Corporations also establish or upgrade compliance programs as a result of regulatory enforcement actions to enhance compliance activities (Arkansas Law Review (op cit)). An organisation needs to commit to implementing reforms to internal governance, including reforms to processes of internal control, and implementing compliance programs in order to mitigate the severity of risk as a commitment to compliance. Operating a compliance program demonstrates sufficient cooperation and evidences a commitment to compliant behaviour. An organisation that implements a compliance program but then fails to administer it in an effective manner can suffer enhanced risk exposure. Failure to continuously address a deficiency in the organisation’s compliance programs leads to the subsequent commission of violations or exposure to risk. Organisations are encouraged to adopt robust compliance programs.

Elements of a robust compliance program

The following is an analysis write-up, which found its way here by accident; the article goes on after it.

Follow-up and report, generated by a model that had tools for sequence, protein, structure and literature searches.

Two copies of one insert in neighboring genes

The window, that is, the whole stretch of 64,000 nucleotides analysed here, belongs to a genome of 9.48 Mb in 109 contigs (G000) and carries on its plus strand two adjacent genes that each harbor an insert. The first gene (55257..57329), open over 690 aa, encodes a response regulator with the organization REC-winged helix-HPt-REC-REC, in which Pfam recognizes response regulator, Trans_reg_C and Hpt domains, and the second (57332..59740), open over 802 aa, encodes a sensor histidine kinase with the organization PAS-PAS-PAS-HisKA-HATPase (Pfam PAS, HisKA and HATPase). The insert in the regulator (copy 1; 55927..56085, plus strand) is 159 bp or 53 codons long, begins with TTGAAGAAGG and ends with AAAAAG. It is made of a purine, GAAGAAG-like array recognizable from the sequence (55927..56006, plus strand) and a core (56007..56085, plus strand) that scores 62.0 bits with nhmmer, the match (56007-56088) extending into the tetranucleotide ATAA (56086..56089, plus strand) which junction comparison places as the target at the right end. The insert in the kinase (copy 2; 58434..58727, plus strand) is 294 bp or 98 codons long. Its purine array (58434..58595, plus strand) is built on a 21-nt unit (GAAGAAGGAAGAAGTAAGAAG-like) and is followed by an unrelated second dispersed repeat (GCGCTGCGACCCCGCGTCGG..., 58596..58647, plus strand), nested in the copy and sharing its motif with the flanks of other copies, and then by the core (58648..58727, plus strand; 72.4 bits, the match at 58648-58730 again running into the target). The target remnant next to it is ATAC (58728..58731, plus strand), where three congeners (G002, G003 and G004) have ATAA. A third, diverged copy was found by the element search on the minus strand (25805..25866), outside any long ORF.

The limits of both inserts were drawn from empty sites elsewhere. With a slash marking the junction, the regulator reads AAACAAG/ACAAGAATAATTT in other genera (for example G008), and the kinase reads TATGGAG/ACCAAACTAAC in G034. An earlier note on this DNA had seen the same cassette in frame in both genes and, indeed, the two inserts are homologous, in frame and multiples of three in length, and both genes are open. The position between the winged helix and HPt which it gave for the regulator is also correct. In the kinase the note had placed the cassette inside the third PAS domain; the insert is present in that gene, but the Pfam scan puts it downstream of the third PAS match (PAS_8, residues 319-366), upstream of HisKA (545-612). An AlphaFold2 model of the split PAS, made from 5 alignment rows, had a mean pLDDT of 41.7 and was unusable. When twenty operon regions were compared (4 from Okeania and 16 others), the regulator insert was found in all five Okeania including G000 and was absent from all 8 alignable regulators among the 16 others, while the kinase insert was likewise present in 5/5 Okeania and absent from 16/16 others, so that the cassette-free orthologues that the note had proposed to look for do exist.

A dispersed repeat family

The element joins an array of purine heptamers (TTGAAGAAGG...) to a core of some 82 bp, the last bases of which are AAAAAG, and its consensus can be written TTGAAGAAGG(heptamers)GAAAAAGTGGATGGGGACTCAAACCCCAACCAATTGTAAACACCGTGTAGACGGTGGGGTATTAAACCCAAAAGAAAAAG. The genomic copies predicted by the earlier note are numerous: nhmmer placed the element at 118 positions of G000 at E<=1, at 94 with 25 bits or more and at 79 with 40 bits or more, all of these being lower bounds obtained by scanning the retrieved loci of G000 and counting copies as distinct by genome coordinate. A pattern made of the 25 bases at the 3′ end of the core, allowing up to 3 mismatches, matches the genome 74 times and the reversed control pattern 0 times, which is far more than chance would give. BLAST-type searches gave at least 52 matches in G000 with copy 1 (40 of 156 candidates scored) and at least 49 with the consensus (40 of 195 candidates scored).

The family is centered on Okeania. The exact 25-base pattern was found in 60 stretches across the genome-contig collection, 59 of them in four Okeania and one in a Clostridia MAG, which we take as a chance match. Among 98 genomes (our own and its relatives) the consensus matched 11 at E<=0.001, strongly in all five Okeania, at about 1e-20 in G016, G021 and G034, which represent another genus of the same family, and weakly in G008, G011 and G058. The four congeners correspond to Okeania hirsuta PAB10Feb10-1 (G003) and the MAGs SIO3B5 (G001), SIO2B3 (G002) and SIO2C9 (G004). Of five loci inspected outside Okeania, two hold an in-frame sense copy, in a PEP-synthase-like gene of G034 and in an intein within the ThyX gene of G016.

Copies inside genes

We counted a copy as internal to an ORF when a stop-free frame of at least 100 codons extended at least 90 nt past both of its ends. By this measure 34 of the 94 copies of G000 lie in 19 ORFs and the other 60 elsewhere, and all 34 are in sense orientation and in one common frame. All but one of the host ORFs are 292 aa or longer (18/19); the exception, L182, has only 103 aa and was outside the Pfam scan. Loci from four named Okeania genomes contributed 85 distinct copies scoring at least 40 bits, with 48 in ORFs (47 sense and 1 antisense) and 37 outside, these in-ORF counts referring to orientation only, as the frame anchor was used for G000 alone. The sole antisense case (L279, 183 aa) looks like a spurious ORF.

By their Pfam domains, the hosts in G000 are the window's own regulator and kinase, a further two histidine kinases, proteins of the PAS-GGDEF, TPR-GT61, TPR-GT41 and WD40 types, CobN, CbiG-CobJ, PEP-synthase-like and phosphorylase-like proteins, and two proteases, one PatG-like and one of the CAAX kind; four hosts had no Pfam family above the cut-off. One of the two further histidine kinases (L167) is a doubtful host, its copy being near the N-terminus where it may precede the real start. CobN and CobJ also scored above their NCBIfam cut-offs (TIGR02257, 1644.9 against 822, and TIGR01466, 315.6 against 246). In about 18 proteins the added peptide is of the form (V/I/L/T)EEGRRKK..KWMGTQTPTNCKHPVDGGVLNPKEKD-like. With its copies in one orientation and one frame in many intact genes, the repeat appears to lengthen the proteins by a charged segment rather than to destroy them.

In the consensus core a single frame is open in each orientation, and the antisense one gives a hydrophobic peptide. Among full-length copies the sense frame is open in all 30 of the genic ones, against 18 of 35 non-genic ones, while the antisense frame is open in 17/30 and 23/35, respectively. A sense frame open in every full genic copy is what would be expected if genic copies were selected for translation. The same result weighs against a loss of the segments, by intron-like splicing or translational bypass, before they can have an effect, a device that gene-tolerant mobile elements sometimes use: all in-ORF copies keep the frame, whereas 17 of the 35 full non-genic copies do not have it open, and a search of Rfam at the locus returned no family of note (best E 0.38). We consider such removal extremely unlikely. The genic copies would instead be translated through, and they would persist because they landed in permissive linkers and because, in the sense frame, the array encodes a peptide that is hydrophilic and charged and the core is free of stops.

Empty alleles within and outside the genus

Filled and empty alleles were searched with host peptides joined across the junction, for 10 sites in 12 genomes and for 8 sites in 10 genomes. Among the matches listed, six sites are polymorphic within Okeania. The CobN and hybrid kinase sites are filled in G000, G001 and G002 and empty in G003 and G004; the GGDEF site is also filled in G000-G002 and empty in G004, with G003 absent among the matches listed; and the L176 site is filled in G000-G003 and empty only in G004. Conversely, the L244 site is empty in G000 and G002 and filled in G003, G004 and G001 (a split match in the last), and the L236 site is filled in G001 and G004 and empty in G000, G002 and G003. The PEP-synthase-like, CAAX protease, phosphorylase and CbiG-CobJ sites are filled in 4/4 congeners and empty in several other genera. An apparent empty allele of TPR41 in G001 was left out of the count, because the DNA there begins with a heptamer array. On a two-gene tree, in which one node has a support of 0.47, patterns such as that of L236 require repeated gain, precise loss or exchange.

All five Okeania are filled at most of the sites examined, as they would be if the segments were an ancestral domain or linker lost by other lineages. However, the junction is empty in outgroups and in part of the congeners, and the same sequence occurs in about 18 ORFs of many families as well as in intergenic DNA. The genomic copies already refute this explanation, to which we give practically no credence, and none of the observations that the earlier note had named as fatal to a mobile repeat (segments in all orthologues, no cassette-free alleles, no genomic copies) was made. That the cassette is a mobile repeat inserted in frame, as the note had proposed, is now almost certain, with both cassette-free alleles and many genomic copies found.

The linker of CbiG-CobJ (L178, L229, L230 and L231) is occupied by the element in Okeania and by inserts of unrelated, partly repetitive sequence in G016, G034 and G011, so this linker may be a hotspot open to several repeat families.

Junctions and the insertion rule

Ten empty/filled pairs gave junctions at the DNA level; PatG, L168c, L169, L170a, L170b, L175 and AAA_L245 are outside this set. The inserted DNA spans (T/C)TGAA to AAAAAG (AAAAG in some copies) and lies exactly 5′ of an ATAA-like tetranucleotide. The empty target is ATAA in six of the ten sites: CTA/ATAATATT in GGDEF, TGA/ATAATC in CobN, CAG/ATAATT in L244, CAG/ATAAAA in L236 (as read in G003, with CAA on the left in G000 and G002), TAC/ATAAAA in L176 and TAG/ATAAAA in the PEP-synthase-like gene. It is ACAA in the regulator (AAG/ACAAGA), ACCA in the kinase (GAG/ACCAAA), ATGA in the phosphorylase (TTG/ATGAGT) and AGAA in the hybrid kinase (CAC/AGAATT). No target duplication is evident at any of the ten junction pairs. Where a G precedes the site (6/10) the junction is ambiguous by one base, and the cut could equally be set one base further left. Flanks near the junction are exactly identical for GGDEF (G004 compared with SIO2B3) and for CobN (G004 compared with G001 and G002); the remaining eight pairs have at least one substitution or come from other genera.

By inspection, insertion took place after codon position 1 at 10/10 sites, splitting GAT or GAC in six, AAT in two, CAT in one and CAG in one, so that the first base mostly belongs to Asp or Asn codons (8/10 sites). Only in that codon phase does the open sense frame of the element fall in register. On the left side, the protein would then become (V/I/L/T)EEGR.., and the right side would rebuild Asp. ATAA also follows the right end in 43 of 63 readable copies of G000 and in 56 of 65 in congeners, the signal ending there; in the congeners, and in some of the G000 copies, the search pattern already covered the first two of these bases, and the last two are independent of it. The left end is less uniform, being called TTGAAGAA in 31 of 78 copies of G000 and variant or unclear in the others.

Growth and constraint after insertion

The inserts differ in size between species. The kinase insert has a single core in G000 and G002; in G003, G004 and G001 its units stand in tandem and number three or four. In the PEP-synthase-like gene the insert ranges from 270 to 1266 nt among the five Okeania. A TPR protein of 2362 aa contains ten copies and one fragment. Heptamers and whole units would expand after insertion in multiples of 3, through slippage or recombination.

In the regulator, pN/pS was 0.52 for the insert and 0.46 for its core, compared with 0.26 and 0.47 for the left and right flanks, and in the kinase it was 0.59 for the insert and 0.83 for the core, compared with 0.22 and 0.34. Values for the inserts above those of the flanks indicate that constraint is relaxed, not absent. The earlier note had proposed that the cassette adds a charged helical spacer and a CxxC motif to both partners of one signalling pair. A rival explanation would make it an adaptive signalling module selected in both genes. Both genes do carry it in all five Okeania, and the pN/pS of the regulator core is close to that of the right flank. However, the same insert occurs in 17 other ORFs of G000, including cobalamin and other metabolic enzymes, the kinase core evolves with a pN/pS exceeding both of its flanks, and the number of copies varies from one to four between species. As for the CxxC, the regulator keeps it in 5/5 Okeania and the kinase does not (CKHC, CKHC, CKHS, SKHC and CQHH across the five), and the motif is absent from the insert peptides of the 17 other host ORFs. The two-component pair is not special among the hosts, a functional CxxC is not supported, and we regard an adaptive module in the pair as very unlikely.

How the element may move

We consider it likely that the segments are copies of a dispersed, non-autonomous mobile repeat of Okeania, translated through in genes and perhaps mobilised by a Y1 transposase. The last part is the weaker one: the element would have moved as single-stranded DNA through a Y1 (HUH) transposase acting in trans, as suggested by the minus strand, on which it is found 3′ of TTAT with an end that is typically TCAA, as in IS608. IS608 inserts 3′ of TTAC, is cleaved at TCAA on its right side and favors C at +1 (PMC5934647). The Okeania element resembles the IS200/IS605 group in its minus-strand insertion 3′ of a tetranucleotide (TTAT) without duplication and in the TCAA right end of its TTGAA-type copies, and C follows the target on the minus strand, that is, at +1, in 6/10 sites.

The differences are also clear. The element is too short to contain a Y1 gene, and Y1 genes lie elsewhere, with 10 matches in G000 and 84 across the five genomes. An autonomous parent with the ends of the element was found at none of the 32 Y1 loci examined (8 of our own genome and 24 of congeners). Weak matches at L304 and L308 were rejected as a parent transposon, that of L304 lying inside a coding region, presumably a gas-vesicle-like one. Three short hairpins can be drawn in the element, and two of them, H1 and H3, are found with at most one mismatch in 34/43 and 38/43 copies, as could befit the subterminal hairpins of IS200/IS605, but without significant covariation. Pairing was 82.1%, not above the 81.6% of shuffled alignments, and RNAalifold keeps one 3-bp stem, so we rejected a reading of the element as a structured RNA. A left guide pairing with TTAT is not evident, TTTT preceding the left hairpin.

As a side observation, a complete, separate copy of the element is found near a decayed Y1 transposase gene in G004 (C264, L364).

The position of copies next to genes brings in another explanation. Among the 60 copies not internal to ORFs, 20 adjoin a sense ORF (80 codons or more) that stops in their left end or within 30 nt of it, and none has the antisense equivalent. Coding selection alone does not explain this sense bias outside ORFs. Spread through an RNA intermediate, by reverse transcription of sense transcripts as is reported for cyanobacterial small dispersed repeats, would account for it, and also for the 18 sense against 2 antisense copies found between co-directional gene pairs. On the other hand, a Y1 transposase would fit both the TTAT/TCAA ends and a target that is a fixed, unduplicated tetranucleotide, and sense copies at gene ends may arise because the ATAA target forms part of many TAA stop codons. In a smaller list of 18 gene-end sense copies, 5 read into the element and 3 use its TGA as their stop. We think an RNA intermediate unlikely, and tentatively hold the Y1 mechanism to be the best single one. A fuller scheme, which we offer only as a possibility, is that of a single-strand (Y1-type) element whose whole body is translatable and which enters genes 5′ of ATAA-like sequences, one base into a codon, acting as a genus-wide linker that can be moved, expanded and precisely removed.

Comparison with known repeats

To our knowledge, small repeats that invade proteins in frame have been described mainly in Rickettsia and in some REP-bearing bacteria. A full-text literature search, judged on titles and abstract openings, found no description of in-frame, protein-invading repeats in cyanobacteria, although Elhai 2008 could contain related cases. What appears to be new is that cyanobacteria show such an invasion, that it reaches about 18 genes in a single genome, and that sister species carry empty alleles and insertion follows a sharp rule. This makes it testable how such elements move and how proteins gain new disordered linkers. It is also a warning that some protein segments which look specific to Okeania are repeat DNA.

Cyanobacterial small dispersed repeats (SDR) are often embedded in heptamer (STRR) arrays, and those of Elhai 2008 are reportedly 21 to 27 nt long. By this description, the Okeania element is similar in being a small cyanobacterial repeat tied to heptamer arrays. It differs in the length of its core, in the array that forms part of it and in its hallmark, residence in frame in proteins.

The mere creation of a compliance program will not ensure results. An organisation must exercise due diligence to prevent and detect inappropriate conduct (University of Illinois System ‘Elements of an Effective Compliance Program’ (www.ethics.uillinois.edu, accessed 28 – 06 – 2022)); and promote an organizational culture that encourages ethical conduct and a commitment to compliance with the laws, rules and codes of good practice. An organisation must establish standards and procedures to prevent and detect violations to ensure that its governing authority understands the content and operation of the program and exercises reasonable oversight over its implementation. It is crucial to conduct effective training programs and establish incentives to comply and avoid consequences for noncompliance. Reasonable steps to respond to violations and to prevent repeat violations should be taken.

Elements of a robust compliance program are:

(a) internal policies, procedures, and controls;

(b) a compliance function;

(c) an employee training program; and

(d) an independent audit function.

Best practices and strategies for corporate compliance